LAGOS: LOOMING FEARS OF LANDMINE IN CONSTITUTION AMENDMENT
On Monday, June 21, Lagos State lived up to its billings as the 'Centre of Excellence' when stakeholders in the state tore the proposal on constitution amendment from the National Assembly into shreds.
The proposed amendment of about 40 provisions in the 1999 constitution was sent to all the 36 states of the Federation to scrutinise with a view to calling for either its rejection or acceptance.
The proposal is tagged Constitution (First Amendment) Bill, 2010 (Harmonized) was sent to all the state Houses of Assembly by the Senate under the sub-head: A Bill for an Act to alter the provisions of the Constitution of the Federal Republic of Nigeria 1999 and for other matters connected thereto, 2010.
Approval of two third of the 36 Houses of Assembly, which is 24, is needed by the National Assembly for its final ratification. Present to dissect the document were party leaders, political stalwarts, human rights activists, lawyers, former lawmakers as well as other professionals and representatives of Community Development Associations (CDAs), among others.
The occasion was the public hearing on the proposal organized by the Lagos State House of Assembly located at Alausa under the supervision of its Speaker, Adeyemi Ikuforiji. At the end of the deliberations that lasted over three hours at the Assembly lobby, Lagos State raised the alarm that the proposal was in favour of the ruling Peoples Democratic Party (PDP). Preparing the ground for the alarm was the former Minister of Works, Senator Adeseye Ogunlewe, who disclosed that 'the proposal has been ratified by the National Assembly,' pointing out that 'what is required from the 36 State Houses of Assembly is simply, 'we accept or we reject''.
According to him, it was too late to make any input into the proposed amendment, reminding all that what remained was the vote from the Houses from which only 24 out of 36 would give the National Assembly the required 2/3 majority to pass the Bill into law. He therefore suggested that any defects in the proposal could be highlighted for future attempts, adding 'this is just the beginning and the first attempt is not always perfect.'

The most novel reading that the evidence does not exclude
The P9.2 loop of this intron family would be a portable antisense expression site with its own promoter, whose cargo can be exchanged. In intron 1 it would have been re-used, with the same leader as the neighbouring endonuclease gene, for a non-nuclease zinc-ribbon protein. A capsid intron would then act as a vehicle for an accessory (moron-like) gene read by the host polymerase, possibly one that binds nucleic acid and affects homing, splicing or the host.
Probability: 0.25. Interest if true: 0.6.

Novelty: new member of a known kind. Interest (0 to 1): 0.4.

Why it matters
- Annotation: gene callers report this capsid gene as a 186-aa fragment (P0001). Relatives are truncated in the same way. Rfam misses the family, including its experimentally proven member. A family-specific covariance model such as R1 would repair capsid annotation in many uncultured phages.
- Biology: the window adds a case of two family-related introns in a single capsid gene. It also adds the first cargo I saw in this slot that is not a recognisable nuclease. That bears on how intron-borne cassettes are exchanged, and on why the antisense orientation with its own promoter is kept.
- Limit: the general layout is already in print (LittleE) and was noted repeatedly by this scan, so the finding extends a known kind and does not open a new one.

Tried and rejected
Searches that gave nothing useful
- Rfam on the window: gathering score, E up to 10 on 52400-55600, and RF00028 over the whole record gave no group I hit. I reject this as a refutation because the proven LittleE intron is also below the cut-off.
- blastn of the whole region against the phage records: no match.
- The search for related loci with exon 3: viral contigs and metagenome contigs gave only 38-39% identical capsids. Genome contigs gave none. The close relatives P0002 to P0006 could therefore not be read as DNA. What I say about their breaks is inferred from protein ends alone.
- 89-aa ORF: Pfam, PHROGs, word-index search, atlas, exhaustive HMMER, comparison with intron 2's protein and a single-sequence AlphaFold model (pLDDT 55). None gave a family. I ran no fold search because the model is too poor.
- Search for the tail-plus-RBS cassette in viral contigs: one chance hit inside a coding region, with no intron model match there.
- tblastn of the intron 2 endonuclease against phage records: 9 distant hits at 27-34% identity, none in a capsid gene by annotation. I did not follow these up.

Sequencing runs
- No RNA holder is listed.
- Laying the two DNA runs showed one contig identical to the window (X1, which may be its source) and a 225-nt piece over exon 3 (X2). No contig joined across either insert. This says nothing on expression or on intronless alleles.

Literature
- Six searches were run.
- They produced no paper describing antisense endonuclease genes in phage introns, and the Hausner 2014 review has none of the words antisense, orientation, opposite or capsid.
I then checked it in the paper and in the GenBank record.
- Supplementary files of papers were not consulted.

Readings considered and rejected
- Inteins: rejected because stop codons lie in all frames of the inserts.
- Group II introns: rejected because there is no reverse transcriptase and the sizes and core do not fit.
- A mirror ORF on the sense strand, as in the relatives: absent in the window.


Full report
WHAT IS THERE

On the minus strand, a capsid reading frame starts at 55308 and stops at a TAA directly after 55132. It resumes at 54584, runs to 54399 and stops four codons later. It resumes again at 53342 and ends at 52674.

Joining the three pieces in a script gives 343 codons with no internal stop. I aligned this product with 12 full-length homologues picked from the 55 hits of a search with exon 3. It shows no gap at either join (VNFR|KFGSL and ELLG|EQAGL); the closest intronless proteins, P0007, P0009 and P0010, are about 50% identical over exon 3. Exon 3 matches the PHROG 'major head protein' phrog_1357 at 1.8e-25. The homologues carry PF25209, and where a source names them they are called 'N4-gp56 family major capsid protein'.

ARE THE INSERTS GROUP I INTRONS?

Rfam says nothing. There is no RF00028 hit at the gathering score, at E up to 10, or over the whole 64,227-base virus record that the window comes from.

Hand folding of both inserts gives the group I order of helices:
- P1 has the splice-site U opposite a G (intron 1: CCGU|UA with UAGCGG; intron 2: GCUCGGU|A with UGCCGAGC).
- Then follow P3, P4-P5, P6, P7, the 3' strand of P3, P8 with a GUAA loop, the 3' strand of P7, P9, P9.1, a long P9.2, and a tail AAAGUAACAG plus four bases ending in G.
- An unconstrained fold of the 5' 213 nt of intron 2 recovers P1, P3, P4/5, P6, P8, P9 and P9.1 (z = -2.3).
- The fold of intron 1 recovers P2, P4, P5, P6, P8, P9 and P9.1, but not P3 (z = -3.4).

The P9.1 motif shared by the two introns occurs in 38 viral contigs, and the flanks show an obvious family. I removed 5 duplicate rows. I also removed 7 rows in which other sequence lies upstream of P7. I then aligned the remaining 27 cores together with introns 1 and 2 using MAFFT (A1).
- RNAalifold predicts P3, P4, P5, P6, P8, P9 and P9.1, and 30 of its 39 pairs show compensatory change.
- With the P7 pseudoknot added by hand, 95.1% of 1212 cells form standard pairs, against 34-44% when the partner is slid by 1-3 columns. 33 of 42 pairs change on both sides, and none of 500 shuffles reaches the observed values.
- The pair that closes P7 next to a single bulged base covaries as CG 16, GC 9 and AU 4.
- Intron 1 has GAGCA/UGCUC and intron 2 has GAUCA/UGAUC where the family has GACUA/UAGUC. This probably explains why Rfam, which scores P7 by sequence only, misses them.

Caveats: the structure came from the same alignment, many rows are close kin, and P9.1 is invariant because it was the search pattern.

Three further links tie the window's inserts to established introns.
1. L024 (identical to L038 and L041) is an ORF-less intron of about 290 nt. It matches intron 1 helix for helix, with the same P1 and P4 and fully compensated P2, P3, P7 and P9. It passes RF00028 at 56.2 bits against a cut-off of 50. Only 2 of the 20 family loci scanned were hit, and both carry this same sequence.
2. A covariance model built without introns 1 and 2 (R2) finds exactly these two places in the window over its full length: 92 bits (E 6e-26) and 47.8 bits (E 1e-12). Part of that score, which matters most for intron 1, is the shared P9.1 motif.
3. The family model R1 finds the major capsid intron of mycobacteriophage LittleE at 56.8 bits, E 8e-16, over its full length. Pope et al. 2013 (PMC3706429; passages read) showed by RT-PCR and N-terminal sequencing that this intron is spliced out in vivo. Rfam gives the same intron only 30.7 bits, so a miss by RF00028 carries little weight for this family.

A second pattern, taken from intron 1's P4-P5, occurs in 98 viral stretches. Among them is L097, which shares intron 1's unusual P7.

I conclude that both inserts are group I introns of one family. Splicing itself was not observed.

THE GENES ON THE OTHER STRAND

Corroborating Ogunlewe's submission was the radical lawyer cum rights activist, Bamidele Aturu, who observed that 'in view of section 9 of the Constitution, the Lagos House of Assembly can neither remove nor add anything to the proposal,' just as he declared that 'some of us will surely go to court to challenge some of the proposed amendment.' It was against this background that the former Lagos State Commissioner for Justice and Attorney General, Professor Yemi Osibajo (SAN), lamented that 'we are in difficult position.'
Some of the amended provisions, Osibajo pointed out were in favour of the ruling party just as he described the situation as 'dangerous for the parties in opposition,' regretting that 'the ruling party has about 28 out of 36 states.' One of the flaws the Senior Advocate of Nigeria described as a 'land mine' for the opposition parties was Section 272 which gave the Federal High Court power to declare positions of a governor vacant.
Osibajo also disagreed with another section that said electoral petitions should be dispensed off within 180 days asserting that such petitions could not succeed because, according to him, time is not sufficient to gather enough evidence to prosecute electoral petitions.
He submitted that members of the National Assembly just made proposals that are in their own interest, wondering why some of the provisions that the Muhammadu Uwais's Panel's reports had taken care of were not reflected in the proposal!
Major issues of contention at the public hearing were, Cross Carpeting (Section 109), approval of indicted people by probe panels to contest election (Section 107) as well as the issue of state Police. On section 107, where paragraph (h) disqualifies persons indicted by a probe panel from contesting elections, a Senior advocate of Nigeria, Deacon Dele Adesina and Lagos Chairman of the National Action Council (NAC), Oloye Gboyega Adeniji disagreed over the deletion of the paragraph.